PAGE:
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Canadian Push 9-26-14


Target gets aggressive - Undercuts even Wal-Mart in pricing
"Target's price leadership in Canada has clearly shifted," noted Robin Sherk, director of retail insights, Kantar Retail, and contributor to the study. "We found that the price of Target Canada's overall basket was 3.9% less expensive than Walmart's. In our initial study, the retailers' basket values were effectively even." (Source

Canadian class-action lawsuit against Home Depot data breach - seeks $500M - 1 person sees $8K in bogus charges on his card  Lozanski is working with Toronto law firm, McPhadden Samac Tuovi LLP, in launching the class action law suit against Home Depot of Canada Inc. and its American parent, The Home Depot Inc. It's the first class action lawsuit in Ontario targeting the security breach. The initial claim is $500 million, but that could change once lawyers get a more realistic handle on the actual extent of the losses. He realized $8,000 was improperly charged against his Visa in a series of transactions in early September 2014. (Source

Cargo theft a hit to Canadian economy, security - Supporting Bill S-9
Cargo theft is not simply about stolen goods – affecting an individual load or a particular company – but extends beyond that to adversely influence the economy as a whole, Richard Dubin, vice president of investigative services for the Insurance Bureau of Canada (IBC), suggested during the Annual Toronto Fraud Forum this week. IBC supports giving cargo theft a higher profile and adopting tougher sentencing, Dubin said. "Sentencing hasn't been very tough for this type of crime. A perfect example is there are cases where a person gets caught with a million dollars of narcotics – cocaine, whatever – and they get a very heavy jail sentence. They'll grab somebody who was involved in stealing a trailer load and they're not, at times, getting jail sentences," he added. That is one reason why IBC lobbied for Bill S-9, an Act to Amend the Criminal Code, which at its heart, is auto theft legislation. "But the beauty of Bill S-9 is it also includes the seizure of property obtained by crime, which would cover cargo theft," Dubin told session attendees. "As a result of that, we are working with CBSA (Canada Border Services Agency) now where they are prepared through intelligence to identify containers that they think have stolen cargo and start seizing those containers," he said. Under the act, trafficking in property obtained by crime and possession of property obtained by crime for the purposes of trafficking are subject to imprisonment for as long as 14 years. "Cargo theft is a huge business," Malbeuf said, pointing out that a tractor-trailer load is taken every day. "They will steal anything; anything they can take, they will take it and it's gone within 24 hours," he noted. (Source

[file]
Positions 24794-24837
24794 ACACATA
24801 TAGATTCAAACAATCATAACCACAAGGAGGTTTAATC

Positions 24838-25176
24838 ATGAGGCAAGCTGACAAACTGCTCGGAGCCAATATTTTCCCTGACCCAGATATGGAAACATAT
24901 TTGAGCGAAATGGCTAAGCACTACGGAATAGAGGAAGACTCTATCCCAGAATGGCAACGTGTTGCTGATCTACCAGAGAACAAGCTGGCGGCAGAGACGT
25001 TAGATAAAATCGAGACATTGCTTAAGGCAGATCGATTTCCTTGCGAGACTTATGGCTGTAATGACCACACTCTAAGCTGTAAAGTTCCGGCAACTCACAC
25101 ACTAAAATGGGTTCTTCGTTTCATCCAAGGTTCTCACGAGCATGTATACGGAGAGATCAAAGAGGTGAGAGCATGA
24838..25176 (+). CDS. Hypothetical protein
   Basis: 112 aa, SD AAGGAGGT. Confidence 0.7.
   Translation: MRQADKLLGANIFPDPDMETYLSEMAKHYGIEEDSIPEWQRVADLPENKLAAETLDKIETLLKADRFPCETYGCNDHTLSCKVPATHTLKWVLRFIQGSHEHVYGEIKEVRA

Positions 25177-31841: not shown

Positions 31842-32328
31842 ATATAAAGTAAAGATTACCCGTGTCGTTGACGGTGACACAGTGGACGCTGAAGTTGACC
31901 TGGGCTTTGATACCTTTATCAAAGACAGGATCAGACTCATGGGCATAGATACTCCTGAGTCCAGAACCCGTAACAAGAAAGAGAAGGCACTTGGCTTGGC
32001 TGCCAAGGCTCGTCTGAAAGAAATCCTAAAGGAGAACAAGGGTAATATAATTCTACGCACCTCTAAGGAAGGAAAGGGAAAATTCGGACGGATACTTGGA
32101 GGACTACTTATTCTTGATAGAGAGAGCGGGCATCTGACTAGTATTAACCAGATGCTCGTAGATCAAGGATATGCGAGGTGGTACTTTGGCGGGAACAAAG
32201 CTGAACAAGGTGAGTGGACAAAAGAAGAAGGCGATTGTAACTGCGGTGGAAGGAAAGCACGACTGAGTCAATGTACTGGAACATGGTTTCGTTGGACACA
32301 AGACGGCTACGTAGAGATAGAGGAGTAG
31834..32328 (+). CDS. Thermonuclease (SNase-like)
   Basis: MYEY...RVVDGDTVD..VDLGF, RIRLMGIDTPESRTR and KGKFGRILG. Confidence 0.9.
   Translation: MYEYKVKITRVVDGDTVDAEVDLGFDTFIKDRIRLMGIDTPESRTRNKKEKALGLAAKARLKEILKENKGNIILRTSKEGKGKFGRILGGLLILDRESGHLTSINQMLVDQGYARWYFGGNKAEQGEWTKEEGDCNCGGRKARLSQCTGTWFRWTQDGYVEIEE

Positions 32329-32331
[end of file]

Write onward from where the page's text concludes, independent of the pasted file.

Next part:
Fraud turns up on Canadian credit cards following Home Depot breach
MasterCard Canada and Visa said last week both have been combing their Canadian customer bases since being notified of the breach, alerting partner banks about specific accounts to be watchful of. The credit card companies declined to comment about how many Canadian accounts had been identified. Though reports suggest the majority of the fraud is being attempted in the United States, Davis - one who reported his card was used, appears to be far from alone in Canada in the wake of what's become one of the biggest data breaches at a retailer to date. Canadian banks and credit card providers are moving to block potentially fraudulent transactions. A spokesperson for TD Bank, which manages its own credit cards as well MBNA brand cards, told Global News it's been proactively cancelling cards. "We are reissuing cards for customers we believe may have been impacted, and evaluating further action," said Alicia Johnston, a spokesperson for TD Bank. (Source

Sears Canada loses its 3rd CEO in three years - CEO Douglas Campbell resigns after one year in the job

Saks Fifth Avenue preparing to build 1st Canadian stores

Patrol car rammed, Vancouver Police fire shot at suspect in AM/PM robbery

Canmore drug store robbery at Rexall Pharmacy

The Sûreté du Québec's economic crimes squad cracks Credit Card Fraud scheme, 5 arrested  The Sûreté du Québec's economic crimes squad has arrested five suspects in a counterfeit credit card scheme that netted an estimated $750,000 for the alleged fraudsters over the past five years. Three men and two women, aged 20 to 52, allegedly used fake credit cards they had made themselves to buy gift cards, gas and electronic equipment which they would then resell. Police searched several homes and vehicles in Pierrefonds, Montreal, Repentigny, St-Hubert and Lachine, and arrested one suspect on Tuesday and the four others on Thursday. The searches yielded 750 counterfeit credits cards, a portable computer, electronic equipment, passport photos and false drivers licenses. The investigation, dubbed Myosis, was launched in July and involved 35 SQ officers. (Source

Retail Fast Facts: September 2014

● Total monthly retail sales changed by 6.6 per cent over the comparable month last year.
● Total sales excluding food, automotive and gasoline changed by 6.4 per cent over the comparable month last year.  (Source

Canadian Push 9-26-14
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